The user computing devices 102 access the virtual compute system 110 over a network 104. The network 104 may be any wired network, wireless network, or combination thereof. In addition, the network 104 may be a personal area network, local area network, wide area network, over-the-air broadcast network (e.g., for radio or television), cable network, satellite network, cellular telephone network, or combination thereof. For example, the network 104 may be a publicly accessible network of linked networks, possibly operated by various distinct parties, such as the Internet. In some embodiments, the network 104 may be a private or semi-private network, such as a corporate or university intranet. The network 104 may include one or more wireless networks, such as a Global System for Mobile Communications (GSM) network, a Code Division Multiple Access (CDMA) network, a Long Term Evolution (LTE) network, or any other type of wireless network. The network 104 can use protocols and components for communicating via the Internet or any of the other aforementioned types of networks. For example, the protocols used by the network 104 may include Hypertext Transfer Protocol (HTTP), HTTP Secure (HTTPS), Message Queue Telemetry Transport (MQTT), Constrained Application Protocol (CoAP), and the like. Protocols and components for communicating via the Internet or any of the other aforementioned types of communication networks are well known to those skilled in the art and, thus, are not described in more detail herein.

The virtual compute system 110 is depicted in FIG. 1 as operating in a distributed computing environment including several computer systems that are interconnected using one or more computer networks. The virtual compute system 110 could also operate within a computing environment having a fewer or greater number of devices than are illustrated in FIG. 1. Thus, the depiction of the virtual compute system 110 in FIG. 1 should be taken as illustrative and not limiting to the present disclosure. For example, the virtual compute system 110 or various constituents thereof could implement various Web services components, hosted or “cloud” computing environments, and/or peer-to-peer network configurations to implement at least a portion of the processes described herein.

Further, the virtual compute system 110 may be implemented in hardware and/or software and may, for instance, include one or more physical or virtual servers implemented on physical computer hardware configured to execute computer executable instructions for performing various features that will be described herein. The one or more servers may be geographically dispersed or geographically co-located, for instance, in one or more data centers.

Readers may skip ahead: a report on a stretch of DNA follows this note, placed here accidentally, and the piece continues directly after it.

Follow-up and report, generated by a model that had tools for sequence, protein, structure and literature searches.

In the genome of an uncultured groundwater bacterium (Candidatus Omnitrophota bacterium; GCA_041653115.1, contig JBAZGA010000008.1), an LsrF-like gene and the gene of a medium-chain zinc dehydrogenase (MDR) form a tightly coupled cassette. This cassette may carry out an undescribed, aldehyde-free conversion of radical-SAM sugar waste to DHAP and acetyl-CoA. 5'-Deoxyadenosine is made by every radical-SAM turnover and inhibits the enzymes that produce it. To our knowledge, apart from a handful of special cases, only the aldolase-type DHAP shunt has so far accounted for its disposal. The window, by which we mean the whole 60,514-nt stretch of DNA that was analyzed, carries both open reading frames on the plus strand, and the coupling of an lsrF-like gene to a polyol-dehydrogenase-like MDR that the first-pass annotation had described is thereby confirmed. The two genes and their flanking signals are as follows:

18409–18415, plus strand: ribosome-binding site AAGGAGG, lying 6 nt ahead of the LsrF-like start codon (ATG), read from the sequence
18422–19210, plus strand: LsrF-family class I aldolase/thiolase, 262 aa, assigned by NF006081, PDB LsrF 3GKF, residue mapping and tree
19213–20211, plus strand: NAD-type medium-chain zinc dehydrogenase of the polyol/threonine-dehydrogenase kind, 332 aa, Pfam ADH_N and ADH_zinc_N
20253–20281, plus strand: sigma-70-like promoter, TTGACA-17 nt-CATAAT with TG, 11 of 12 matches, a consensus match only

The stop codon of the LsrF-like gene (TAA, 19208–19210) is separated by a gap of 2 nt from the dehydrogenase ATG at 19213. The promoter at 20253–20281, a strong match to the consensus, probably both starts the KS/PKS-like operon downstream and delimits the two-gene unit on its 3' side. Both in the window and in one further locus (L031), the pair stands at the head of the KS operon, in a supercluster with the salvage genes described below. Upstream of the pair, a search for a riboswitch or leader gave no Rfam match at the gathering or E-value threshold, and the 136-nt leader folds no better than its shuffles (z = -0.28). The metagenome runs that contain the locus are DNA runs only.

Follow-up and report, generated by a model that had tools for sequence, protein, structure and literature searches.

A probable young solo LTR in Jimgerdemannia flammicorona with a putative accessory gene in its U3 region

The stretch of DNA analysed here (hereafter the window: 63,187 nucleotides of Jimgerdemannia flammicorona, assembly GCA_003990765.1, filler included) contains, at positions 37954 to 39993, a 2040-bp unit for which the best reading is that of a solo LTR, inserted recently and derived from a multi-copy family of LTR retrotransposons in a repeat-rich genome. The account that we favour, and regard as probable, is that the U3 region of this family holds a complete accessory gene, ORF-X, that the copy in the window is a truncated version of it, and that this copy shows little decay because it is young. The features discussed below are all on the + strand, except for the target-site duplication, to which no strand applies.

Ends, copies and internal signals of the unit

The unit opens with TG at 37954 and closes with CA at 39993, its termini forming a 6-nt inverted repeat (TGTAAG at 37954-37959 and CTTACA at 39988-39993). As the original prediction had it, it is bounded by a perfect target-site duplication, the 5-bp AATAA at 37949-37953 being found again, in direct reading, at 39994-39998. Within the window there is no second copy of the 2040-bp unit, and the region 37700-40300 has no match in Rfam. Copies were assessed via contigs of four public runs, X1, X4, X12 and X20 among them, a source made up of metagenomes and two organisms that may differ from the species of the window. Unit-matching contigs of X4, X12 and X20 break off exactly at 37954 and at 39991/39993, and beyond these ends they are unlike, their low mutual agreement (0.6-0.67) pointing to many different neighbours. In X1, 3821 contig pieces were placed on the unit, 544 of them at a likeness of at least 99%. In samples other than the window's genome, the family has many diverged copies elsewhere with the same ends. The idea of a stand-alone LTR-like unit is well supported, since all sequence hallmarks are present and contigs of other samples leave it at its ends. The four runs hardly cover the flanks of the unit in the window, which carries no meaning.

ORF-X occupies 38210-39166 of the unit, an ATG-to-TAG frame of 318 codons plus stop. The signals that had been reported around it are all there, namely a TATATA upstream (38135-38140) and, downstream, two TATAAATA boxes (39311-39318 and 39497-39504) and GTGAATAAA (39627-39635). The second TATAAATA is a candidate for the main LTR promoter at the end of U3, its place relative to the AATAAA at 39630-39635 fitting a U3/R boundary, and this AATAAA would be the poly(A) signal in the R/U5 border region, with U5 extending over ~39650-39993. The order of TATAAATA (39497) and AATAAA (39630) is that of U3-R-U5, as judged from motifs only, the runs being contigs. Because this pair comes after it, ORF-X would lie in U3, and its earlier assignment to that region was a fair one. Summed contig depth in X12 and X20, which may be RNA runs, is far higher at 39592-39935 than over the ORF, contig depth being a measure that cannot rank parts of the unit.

In the environment illustrated FIG. 1, the virtual environment 100 includes a virtual compute system 110, which includes a frontend 120, a warming pool manager 130, a worker manager 140, and a scheduling manager 150. In the depicted example, virtual machine instances (“instances”) 152, 154 are shown in a warming pool 130A managed by the warming pool manager 130, and instances 156, 157, 158, 159 are shown in an active pool 140A managed by the worker manager 140. The illustration of the various components within the virtual compute system 110 is logical in nature and one or more of the components can be implemented by a single computing device or multiple computing devices. For example, the instances 152, 154, 156, 157, 158, 159 can be implemented on one or more physical computing devices in different various geographic regions. Similarly, each of the frontend 120, the warming pool manager 130, the worker manager 140, and the scheduling manager 150 can be implemented across multiple physical computing devices. Alternatively, one or more of the frontend 120, the warming pool manager 130, the worker manager 140, and the scheduling manager 150 can be implemented on a single physical computing device. In some embodiments, the virtual compute system 110 may comprise multiple frontends, multiple warming pool managers, multiple worker managers, and/or multiple capacity managers. Although six virtual machine instances are shown in the example of FIG. 1, the embodiments described herein are not limited as such, and one skilled in the art will appreciate that the virtual compute system 110 may comprise any number of virtual machine instances implemented using any number of physical computing devices. Similarly, although a single warming pool and a single active pool are shown in the example of FIG. 1, the embodiments described herein are not limited as such, and one skilled in the art will appreciate that the virtual compute system 110 may comprise any number of warming pools and active pools.

In the example of FIG. 1, the virtual compute system 110 is illustrated as being connected to the network 104. In some embodiments, any of the components within the virtual compute system 110 can communicate with other components (e.g., the user computing devices 102 and auxiliary services 106, which may include monitoring/logging/billing services 107, storage service 108, an instance provisioning service 109, and/or other services that may communicate with the virtual compute system 110) of the virtual environment 100 via the network 104. In other embodiments, not all components of the virtual compute system 110 are capable of communicating with other components of the virtual environment 100. In one example, only the frontend 120 may be connected to the network 104, and other components of the virtual compute system 110 may communicate with other components of the virtual environment 100 via the frontend 120.